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The Suburban Single-Family Home Surge
After years of homebuyers showing a preference for urban living, including multi-unit housing, the COVID-19 pandemic has put an intensely bright light on single-family homes in the suburbs.
In mass media and industry forums, mortgage brokers and real estate agents across the Chicago area and many other U.S. big cities have shared tale upon tale of city folk turning their eyes upon suburban homes. Some observers, in fact, have called it the latest urban exodus, the first of which occurred in the 1950s alongside the mainstream adoption of cars.
The appeal of dense, urban living has declined for many considering the novel coronavirus pandemic. With concerns over public health and safety, the city’s inherent allure – shorter commutes for downtown workers, public transportation, cultural events, and the city’s overall bustle among them – has withered.
More and more, urban dwellers are targeting the suburbs for a single-family home purchase, including never-before-lived-in new construction homes. Here are the top five reasons why.
#1: More Space
With homes doubling as workplaces, schools, recreation centers, and gyms throughout the pandemic, many urban residents have realized their homes are too small inside and out to accommodate such diverse needs. People, and particularly those living in space-constrained multi-unit housing, want more elbow room, more freedom of movement, and improved access to outdoor living. Quite naturally, that has spurred an increase in online searches of single-family suburban homes.
#2: Shifting Work Routines
Remote work soared amid the pandemic – and it is likely to exist well into the future for many Americans. While the swelling work-from-home reality has driven urban dwellers’ heightened interest in larger homes, including those with a dedicated workspace, the ability to telecommute has also empowered many to redefine their criteria when searching for a new home. With daily commutes reduced, if not eliminated, workers do not consider a close-to-city residence as critical.
Even the most ardent urban dwellers admit it is a challenge to get larger, economical homes close to a city’s downtown. That has fueled interest in the suburbs where homebuyers can often secure more bang for their buck.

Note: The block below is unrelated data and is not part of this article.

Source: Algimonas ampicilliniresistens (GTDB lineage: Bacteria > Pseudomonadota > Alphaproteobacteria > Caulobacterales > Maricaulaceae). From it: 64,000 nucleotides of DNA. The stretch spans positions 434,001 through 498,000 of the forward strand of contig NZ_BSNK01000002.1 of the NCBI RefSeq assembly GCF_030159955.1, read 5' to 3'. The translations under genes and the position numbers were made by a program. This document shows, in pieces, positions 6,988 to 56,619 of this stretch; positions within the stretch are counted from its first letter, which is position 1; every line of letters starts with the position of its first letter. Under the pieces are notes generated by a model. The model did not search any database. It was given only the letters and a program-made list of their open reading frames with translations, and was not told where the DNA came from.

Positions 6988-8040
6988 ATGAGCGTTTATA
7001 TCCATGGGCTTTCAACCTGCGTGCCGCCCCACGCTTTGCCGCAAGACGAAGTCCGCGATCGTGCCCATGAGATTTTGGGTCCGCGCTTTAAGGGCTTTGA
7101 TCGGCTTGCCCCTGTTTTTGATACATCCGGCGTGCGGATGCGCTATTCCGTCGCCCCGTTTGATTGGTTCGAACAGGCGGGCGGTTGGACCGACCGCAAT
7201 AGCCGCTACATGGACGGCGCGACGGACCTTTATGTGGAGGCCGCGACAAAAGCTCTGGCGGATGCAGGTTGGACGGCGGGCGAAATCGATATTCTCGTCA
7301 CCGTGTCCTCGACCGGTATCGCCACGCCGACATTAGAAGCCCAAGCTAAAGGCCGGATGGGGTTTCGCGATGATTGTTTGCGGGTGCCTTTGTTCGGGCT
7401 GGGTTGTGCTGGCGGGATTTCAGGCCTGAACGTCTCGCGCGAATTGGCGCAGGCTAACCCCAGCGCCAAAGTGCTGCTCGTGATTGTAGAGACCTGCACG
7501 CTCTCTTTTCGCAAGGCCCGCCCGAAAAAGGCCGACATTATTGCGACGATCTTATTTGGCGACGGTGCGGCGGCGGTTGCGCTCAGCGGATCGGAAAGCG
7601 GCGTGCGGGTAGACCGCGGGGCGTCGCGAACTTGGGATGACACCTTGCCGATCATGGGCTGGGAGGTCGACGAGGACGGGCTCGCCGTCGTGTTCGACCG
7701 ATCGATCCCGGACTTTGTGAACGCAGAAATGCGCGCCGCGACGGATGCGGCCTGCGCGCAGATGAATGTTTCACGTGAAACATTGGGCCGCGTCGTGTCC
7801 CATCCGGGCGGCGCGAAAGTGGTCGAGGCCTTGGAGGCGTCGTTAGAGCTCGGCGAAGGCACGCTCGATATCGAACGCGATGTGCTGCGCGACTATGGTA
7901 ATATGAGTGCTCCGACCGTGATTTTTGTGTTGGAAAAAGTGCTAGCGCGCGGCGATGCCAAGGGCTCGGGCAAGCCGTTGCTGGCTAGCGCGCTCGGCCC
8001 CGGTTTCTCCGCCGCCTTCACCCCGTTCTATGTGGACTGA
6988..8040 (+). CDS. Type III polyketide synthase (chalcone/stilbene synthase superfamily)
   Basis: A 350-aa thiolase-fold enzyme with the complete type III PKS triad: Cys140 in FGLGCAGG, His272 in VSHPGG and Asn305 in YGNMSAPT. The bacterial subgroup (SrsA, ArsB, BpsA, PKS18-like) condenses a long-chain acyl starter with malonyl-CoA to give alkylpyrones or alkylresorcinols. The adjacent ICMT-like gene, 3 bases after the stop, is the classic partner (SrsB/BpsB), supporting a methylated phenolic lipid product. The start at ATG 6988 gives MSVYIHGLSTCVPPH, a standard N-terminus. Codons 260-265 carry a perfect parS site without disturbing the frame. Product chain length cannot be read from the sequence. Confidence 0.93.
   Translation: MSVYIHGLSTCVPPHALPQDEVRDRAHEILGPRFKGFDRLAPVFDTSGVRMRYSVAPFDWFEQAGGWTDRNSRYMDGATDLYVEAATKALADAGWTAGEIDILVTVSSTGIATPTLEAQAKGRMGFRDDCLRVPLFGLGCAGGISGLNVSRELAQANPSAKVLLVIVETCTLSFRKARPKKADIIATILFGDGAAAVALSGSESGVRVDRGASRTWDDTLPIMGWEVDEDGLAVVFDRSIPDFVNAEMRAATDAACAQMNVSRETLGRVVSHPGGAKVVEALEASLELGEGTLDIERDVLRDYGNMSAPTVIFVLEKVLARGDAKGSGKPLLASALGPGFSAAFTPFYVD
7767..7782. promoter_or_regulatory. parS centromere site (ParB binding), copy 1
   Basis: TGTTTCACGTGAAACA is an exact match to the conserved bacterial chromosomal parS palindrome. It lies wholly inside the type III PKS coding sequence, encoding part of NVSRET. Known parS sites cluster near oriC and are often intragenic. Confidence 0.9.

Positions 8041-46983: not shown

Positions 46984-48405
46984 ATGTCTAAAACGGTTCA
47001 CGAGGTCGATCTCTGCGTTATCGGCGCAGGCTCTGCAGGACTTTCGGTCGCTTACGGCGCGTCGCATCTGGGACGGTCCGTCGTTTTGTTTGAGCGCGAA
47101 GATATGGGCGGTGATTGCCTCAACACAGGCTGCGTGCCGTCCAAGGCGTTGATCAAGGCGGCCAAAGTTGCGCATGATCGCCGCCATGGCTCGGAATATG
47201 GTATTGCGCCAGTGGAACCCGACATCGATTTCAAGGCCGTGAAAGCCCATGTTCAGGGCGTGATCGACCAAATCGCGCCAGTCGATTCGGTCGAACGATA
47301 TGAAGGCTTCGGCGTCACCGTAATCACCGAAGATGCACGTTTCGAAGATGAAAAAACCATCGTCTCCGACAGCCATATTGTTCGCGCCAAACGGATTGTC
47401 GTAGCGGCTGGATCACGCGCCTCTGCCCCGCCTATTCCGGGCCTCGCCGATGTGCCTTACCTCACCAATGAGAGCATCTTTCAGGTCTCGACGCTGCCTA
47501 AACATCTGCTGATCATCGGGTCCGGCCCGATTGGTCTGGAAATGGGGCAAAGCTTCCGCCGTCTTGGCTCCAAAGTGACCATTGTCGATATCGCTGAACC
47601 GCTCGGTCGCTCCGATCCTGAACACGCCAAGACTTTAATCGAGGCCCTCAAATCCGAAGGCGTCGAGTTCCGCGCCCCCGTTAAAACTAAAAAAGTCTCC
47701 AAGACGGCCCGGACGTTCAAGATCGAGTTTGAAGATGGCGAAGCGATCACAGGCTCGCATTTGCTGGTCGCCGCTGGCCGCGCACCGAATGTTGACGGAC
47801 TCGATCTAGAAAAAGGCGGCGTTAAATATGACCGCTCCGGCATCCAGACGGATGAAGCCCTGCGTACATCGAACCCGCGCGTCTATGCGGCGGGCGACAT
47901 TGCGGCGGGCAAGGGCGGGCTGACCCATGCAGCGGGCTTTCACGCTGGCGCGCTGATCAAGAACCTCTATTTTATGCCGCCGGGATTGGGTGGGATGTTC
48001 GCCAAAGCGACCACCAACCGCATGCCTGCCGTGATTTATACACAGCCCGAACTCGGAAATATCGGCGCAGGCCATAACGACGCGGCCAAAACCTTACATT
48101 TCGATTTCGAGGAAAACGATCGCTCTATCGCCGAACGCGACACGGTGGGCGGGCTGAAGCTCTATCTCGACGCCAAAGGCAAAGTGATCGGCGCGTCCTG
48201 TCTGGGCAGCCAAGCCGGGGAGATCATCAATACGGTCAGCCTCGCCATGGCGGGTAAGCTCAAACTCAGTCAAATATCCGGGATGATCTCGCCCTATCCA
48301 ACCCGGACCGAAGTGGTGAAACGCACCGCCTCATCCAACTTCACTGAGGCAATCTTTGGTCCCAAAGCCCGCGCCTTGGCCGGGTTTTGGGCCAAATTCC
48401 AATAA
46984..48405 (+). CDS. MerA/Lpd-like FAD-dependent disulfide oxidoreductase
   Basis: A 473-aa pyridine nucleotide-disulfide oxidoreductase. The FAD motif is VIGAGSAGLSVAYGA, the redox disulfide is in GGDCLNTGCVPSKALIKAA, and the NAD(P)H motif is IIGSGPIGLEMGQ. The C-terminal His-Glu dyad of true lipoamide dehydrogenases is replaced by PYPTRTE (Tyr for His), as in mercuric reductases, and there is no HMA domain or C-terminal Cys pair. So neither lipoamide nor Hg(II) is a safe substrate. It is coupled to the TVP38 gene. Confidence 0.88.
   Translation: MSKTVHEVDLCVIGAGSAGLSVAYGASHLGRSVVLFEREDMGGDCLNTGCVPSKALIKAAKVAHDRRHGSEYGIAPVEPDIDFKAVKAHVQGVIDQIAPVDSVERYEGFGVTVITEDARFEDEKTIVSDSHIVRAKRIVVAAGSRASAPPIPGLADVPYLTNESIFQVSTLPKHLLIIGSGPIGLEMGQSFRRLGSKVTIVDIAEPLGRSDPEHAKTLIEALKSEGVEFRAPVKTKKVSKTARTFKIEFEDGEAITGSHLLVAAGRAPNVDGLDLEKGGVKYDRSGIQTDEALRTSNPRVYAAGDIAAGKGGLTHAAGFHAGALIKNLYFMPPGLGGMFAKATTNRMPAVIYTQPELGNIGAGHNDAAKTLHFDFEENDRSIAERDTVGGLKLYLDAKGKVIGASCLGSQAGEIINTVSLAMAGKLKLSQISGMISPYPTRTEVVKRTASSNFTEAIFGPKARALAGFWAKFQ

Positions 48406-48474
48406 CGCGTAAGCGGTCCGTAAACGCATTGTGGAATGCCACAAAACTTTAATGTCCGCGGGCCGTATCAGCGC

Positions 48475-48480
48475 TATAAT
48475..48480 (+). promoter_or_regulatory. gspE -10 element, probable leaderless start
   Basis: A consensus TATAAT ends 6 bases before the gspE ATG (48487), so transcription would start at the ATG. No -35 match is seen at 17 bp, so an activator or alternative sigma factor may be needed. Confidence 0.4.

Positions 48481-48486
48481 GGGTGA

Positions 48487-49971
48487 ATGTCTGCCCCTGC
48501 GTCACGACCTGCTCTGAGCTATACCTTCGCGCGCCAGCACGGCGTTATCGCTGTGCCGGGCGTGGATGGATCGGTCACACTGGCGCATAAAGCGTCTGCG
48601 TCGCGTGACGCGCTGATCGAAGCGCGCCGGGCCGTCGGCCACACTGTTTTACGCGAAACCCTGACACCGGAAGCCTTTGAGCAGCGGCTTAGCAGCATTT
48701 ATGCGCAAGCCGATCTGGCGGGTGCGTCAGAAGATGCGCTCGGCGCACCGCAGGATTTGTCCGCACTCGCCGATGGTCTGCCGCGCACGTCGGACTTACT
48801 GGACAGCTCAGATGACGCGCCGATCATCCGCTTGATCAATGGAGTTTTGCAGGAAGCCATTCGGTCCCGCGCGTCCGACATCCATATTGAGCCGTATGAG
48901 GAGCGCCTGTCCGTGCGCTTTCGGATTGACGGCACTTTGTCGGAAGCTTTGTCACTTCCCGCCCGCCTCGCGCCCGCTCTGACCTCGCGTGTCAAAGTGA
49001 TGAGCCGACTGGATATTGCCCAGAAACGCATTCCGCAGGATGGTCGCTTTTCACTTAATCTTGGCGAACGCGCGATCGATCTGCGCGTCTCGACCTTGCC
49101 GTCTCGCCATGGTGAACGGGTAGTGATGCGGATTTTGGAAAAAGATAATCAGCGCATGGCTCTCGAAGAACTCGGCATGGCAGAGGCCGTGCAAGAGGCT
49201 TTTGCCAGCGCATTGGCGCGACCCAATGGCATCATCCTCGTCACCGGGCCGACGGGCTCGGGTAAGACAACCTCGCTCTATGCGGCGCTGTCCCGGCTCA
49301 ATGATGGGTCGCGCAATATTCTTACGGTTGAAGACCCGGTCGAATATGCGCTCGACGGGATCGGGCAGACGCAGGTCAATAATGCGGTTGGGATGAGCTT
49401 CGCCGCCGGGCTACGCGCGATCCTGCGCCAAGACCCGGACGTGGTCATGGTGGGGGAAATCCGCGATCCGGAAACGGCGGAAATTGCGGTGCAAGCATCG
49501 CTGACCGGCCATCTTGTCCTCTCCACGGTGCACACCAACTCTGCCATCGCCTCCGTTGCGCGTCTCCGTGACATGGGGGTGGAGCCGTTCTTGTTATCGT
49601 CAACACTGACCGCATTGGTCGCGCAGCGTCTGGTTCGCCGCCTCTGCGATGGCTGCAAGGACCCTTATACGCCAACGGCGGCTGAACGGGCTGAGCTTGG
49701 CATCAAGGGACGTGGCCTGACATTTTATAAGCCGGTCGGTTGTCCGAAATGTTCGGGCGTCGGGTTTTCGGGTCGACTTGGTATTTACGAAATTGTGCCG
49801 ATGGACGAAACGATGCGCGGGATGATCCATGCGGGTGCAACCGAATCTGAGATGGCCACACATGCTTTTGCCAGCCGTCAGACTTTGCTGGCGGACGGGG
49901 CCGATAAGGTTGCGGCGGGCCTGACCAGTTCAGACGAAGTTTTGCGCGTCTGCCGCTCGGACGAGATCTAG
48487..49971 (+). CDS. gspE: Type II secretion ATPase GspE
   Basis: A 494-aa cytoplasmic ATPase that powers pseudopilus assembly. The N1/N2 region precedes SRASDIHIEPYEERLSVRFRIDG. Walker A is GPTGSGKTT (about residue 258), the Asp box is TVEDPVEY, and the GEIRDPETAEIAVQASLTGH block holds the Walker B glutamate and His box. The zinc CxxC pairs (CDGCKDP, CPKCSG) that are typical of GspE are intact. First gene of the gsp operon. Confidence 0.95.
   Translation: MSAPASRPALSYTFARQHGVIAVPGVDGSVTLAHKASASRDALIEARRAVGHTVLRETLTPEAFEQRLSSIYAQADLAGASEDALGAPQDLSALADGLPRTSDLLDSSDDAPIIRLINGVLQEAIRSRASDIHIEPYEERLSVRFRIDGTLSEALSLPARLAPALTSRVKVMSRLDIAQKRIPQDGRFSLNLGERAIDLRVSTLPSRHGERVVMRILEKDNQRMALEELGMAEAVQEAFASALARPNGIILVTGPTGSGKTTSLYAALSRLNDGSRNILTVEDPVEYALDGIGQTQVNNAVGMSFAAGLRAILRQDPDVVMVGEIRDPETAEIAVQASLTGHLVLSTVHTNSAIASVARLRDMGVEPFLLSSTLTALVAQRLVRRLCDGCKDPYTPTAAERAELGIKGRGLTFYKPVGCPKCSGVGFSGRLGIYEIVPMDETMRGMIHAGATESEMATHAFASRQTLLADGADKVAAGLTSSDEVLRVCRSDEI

Consider this: the median selling price of a single-family home in Chicago’s Lincoln Park neighborhood hovers around $1.5 million, while condominiums in the North Side neighborhood sit over $500,000, according to Chicago area real estate data. In Gallagher and Henry’s Covington Knolls community in Lemont, a new 2,604-square foot Danbury home – a brick 4-bedroom home with 2.5 bathrooms and a three-car garage – runs less than one-third the median cost of a Lincoln Park single-family home and even less than a Lincoln Park condo. The Danbury at Covington Knolls starts at $488,700 with plenty of luxury features baked into that base price.
#4: Changing Dynamics of City Life
With its cultural events and hip restaurants, the urban lifestyle compelled many to trade space and affordability for the action outside their doors. Amid COVID-19, however, museums, ballparks, theatres, and restaurants closed, putting a dent in the urban lifestyle that is only now begin to relent.
Yet more, the pandemic has increased awareness around healthy home environments. Those who may not have thought twice about a shared elevator ride or a communal fitness center in a high-rise condo before the pandemic are now more attuned to the potential risks such spaces carry.
#5: More Focused Eyes on the Future
For many, the anxiety, stress, and uncertainty of COVID-19 prompted reflection about what they really want in their overall life, including their home. And as pandemics have happened before and could certainly happen again, individuals are increasingly open to making more permanent changes, including opting for larger homes in suburban communities.